And then there was more bad news for MSB/Globe. In December 2016, The U.S. Department of Education revoked the two school's access to federal student-aid money, which provided the bulk of the schools' operating revenues.

Globe University Continues to Survive in Wisconsin

One might think that all this litigation and regulatory pressure would cause MSB and Globe to shut down completely; but--like a Timex watch, Globe University, at least, has kept on ticking. Broadview University, another for-profit school owned by the same people who own Globe and MSB, has purchased four Globe campuses in Wisconsin, and this purchase was approved by the Trump administration's Department of Education.

Jeanne Herrmann, Broadview's CEO, said claims against MSB/Globe were unfounded. “Whatever one may think of the motivations of the litigation in Minnesota, that state-specific allegation had and continues to have nothing to do with the school’s campuses outside of Minnesota, " Herrmann said in a written statement (as reported by Inside Higher Ed).
We'll Always Have Wisconsin!

So if you are a student who liked how you were treated in Minnesota by MSB or Globe, simply move to Wisconsin, where you can enroll at Broadview University, which is owned by the same nice folks who own MSB and Globe.  I’ll bet your credits will transfer, and you will enjoy the same friendly and professional service in Wisconsin that you got in Minnesota. You Betcha!


 References
Mark Brunswick. Globe U and Minn. School of Business must close, state says after fraud ruling. Star Tribune, September 9, 2016. 

Paul Fain. A Shuttered For-Profit Re-emerges. Inside Higher Education, August 9, 2017.

Christopher Magan. Globe U. and Minnesota School of Business to start closing campuses. Twin Cities Pioneer Press, December 21, 2016.

State of Minnesota v. Minnesota School of Business, A17-1740, 2018 Minn. App. LEXIS 277 (Minn. Ct. App. June 4, 2018).

State of Minnesota v. Minnesota School of Business, 899 N.W. 467 (Minn. 2017).

U.S. Department of Education. Globe University, Minnesota School of Business Denied Access to Federal Student Aid Dollars. U.S. Department of Education press release, December 6, 2016.


Friday, January 6, 2017

Globe University and Minnesota School of Business are closing: We need federal legislation to manage college shutdowns

Globe University and Minnesota School of Business (MSB) began closing their campuses last month. The two for-profit institutions once operated in three states--Minnesota, South Dakota, and Wisconsin; but a series of regulatory and court actions brought them down.

In September, a Minnesota court ruled that Globe and MSB committed fraud by inducing students to enroll in their criminal justice programs.  Not long after, the Department of Education cut them off from federal student-aid funding. No for-profit college can survive a month without federal student-loan revenue, so DOE's action amounted to a death sentence for both institutions.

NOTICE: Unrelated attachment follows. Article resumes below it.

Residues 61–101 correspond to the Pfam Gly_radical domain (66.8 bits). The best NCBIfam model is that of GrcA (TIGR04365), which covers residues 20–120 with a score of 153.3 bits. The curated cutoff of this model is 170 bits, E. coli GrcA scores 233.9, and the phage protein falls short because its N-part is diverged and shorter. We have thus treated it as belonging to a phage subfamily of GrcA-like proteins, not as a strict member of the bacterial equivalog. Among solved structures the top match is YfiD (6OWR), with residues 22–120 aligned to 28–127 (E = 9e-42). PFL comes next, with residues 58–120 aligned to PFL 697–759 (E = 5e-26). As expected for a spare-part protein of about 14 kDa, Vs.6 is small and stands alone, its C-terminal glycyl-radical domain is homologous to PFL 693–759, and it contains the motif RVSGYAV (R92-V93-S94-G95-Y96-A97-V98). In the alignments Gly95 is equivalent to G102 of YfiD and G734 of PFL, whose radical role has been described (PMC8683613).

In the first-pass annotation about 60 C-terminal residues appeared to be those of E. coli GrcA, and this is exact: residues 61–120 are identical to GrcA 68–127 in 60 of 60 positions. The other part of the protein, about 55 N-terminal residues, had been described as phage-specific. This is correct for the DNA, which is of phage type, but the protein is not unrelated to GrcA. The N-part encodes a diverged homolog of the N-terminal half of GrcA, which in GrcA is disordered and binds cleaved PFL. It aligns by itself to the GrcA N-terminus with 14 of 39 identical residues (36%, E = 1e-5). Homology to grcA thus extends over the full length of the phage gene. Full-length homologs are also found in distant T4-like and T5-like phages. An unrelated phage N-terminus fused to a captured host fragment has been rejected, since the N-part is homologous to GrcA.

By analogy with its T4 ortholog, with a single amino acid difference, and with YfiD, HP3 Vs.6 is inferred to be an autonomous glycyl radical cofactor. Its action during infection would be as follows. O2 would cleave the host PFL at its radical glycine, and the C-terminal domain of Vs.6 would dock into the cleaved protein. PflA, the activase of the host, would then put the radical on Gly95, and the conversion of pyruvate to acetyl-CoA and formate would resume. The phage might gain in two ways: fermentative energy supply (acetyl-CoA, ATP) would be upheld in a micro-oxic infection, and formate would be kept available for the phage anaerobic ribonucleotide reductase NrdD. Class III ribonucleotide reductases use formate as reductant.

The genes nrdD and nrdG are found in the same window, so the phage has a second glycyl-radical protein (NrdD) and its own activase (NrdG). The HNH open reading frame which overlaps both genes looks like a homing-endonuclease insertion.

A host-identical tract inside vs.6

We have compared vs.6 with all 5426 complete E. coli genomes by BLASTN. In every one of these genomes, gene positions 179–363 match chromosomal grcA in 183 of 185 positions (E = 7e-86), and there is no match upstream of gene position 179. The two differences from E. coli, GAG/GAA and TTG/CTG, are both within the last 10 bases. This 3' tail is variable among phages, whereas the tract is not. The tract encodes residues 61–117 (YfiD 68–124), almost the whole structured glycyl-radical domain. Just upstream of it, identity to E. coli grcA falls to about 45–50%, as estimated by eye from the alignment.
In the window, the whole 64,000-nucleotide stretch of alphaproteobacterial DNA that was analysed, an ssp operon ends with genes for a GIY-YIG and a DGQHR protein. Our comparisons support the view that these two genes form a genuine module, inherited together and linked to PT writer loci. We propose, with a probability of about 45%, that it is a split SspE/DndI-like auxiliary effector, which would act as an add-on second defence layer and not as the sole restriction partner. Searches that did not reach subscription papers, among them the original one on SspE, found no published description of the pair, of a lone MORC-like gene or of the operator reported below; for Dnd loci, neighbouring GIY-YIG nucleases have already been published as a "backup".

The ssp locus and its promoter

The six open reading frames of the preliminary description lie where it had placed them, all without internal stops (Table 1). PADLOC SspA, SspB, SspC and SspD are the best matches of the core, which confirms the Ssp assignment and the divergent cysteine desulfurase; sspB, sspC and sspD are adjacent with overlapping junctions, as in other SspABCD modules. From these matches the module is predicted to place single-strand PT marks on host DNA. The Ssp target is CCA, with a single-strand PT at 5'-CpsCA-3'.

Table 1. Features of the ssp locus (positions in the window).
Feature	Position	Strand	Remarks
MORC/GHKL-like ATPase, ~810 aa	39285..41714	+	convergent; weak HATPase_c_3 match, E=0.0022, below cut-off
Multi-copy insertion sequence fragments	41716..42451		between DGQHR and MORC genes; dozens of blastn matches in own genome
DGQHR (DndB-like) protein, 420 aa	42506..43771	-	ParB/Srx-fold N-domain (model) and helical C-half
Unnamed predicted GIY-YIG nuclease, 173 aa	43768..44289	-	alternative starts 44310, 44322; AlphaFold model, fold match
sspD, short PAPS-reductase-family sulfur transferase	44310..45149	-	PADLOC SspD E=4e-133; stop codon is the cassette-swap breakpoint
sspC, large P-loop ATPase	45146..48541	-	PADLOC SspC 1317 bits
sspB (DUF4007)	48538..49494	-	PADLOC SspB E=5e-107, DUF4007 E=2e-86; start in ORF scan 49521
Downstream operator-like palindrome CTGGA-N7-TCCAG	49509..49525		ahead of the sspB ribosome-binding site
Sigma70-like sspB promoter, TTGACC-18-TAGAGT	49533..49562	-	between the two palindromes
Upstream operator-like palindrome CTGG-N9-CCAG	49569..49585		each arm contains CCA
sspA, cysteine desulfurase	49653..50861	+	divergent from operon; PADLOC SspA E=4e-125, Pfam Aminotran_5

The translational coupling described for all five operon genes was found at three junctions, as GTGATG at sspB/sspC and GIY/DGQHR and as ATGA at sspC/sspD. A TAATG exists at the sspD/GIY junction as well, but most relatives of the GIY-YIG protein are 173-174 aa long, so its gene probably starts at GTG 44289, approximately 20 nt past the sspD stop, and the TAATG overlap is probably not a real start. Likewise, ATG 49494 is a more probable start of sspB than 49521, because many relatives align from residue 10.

The demise of Globe and MSB follow in a train of college shutdowns over the past couple of years. The casualty lists includes Corinthian Colleges and ITT, two for-profits that declared bankruptcy. St. Catharine College and Dowling College also shut their doors, along with Virginia Intermont College.

DOE has more than 500 colleges on its "heightened cash monitoring" watch list, and many of these schools will shut down within the next three or four years. In a 2015 report, Moody's Investment Services predicted colleges would close at the rate of 15 per year commencing this year.

Now is the time for Congress to pass legislation to protect colleges' former students when the institution they attended shuts down. At a minimum, Congress should do the following:

I. Congress should pass legislation requiring every defunct college to deposit all student records in a central federal depository.

First student records at failed colleges must be preserved. Former students will need access to their official transcripts for decades after their alma mater closes, but how will they get those transcripts 25 years after the institution they attended shut its doors?

Currently, some closing colleges are voluntarily making arrangements to preserve student records. Dowling College, for example, which filed for bankruptcy in 2016, sent its student records to nearby Long Island University.

But not all closing colleges will act as responsibly as Dowling. In particular, colleges that are accused of defrauding their students have no incentive to preserve student records because those records might be used against them in legal proceedings.

Congress needs to adopt legislation that requires every college that receives federal funds to send all student records, including transcripts, to a federal records depository in the event of a closure. And colleges should be required to digitize their student records according to a standardized protocol so that the process of transferring records after a college closes can be done quickly and efficiently.